Kenosha Co. lands in Forbes’ top manufacturing area list

Area combined with Lake County, Illinois in ranking

Kenall Manufacturing completed its move from Gurnee, Ill. to Kenosha in December 2014. The 354,000-square-foot facility has room for the company to grow without needing another new facility.

The Kenosha County and Lake County areas at the Wisconsin-Illinois border landed in 14th on a Forbes list of U.S. cities winning the battle for manufacturing jobs.

Kenall Manufacturing completed its move from Gurnee, Ill. to Kenosha in December 2014. The 354,000-square-foot facility has room for the company to grow without needing another new facility.
Kenall Manufacturing completed its move from Gurnee, Ill. to Kenosha in December 2014. The 354,000-square-foot facility has room for the company to grow without needing another new facility.

The report found manufacturing has a 14.8 percent share of jobs in the metropolitan area. The region experienced 10.25 percent growth in manufacturing from 2010 to 2015 and 1.07 percent growth in 2015.

Landing on the list, which looked at areas with more than 50,000 manufacturing jobs, was largely the result of Lake County’s strength. Kenosha has about 7,500 manufacturing jobs, while Lake County has more than 51,000.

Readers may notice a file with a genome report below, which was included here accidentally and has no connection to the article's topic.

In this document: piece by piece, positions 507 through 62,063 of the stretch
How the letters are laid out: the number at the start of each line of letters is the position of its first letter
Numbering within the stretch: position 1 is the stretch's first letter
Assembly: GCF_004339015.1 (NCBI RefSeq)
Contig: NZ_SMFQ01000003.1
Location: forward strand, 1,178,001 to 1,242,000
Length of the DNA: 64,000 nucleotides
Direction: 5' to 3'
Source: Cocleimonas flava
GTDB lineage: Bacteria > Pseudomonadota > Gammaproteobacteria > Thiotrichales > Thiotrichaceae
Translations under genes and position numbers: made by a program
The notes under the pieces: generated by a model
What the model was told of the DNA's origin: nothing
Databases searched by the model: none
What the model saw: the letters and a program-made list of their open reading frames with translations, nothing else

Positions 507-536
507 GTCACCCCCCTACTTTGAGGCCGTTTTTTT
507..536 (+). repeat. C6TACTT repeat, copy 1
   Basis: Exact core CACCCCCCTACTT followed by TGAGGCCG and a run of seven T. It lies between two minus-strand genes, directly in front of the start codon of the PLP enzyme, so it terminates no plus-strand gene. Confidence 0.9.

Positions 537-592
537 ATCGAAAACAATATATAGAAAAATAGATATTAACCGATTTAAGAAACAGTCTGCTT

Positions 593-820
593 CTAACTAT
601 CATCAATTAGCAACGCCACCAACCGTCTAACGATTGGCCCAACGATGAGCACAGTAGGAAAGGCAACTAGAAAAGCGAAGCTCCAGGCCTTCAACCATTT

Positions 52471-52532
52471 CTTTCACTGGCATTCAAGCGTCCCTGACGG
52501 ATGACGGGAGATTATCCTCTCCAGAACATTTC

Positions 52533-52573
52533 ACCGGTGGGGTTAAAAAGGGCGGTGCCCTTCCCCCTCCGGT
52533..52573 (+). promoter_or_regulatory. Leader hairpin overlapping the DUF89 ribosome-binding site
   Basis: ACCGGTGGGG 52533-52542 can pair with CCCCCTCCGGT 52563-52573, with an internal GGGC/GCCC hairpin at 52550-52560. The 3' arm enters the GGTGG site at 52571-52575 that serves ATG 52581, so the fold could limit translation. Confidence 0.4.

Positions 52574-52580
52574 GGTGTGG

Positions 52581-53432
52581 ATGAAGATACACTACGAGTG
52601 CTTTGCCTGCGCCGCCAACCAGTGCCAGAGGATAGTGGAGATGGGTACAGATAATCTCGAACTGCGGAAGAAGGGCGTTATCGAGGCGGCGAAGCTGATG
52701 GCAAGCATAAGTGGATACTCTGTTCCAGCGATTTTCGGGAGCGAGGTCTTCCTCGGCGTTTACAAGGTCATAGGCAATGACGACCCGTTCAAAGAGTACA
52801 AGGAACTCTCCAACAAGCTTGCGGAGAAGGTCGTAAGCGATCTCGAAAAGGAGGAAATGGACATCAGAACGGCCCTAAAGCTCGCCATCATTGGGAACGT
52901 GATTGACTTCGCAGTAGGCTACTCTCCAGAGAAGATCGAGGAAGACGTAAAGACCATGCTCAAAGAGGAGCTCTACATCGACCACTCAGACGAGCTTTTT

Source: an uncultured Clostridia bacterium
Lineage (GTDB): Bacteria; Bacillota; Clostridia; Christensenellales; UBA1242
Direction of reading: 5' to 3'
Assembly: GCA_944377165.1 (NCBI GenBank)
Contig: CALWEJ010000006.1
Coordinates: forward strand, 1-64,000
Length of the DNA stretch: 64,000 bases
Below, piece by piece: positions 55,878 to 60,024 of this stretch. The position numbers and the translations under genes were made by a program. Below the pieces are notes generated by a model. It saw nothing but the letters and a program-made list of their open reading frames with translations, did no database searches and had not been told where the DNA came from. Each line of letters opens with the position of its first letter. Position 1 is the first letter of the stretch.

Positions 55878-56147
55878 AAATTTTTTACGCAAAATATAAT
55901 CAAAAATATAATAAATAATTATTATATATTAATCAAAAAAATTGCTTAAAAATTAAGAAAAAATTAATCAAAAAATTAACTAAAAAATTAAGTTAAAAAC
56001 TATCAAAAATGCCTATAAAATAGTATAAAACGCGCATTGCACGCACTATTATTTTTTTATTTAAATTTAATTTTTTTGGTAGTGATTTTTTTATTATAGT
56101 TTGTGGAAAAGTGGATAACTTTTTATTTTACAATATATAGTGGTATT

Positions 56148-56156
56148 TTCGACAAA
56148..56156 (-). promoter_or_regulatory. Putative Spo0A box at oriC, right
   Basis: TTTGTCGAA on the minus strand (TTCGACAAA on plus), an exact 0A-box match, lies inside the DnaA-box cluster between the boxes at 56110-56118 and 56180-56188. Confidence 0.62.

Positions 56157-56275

Growth in manufacturing jobs has exceeded overall growth since 2012 for both counties, according to data from the U.S. Bureau of Labor Statistics. Kenosha’s manufacturing has grown 14.5 percent, while private sector jobs overall are up 14.2 percent. Lake County has seen manufacturing employment jump 6.8 percent, compared to 3.5 percent for private sector jobs as a whole.

Midwest metropolitan areas did particularly well on the Forbes ranking, accounting for seven of the top 15 places.

Forbes contributor Joel Kotkin noted the manufacturing industry has had its share of struggles, but also benefits local economies. He cited Commerce Department data showing the industry has the highest multiplier effect of any sector of the economy.

“Perhaps no sector in the U.S. economy generates more angst than manufacturing. Over the past quarter century, manufacturing has hemorrhaged over 5 million jobs. The devastation of many regional economies, particularly in the Midwest, is testament to this decline. If the information sector has been the golden child of the media, manufacturing has been the offspring that we pity but can’t comfortably embrace,” Kotkin wrote.

A recent BizTimes review of labor data found that manufacturing growth has missed Milwaukee County in recent years. The county has seen average annual employment drop since 2011. Kenosha County had the largest percentage gain over that period.

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Arthur covers banking and finance and the economy at BizTimes while also leading special projects as an associate editor. He also spent five years covering manufacturing at BizTimes. He previously was managing editor at The Waukesha Freeman. He is a graduate of Carroll University and did graduate coursework at Marquette. A native of southeastern Wisconsin, he is also a nationally certified gymnastics judge and enjoys golf on the weekends.

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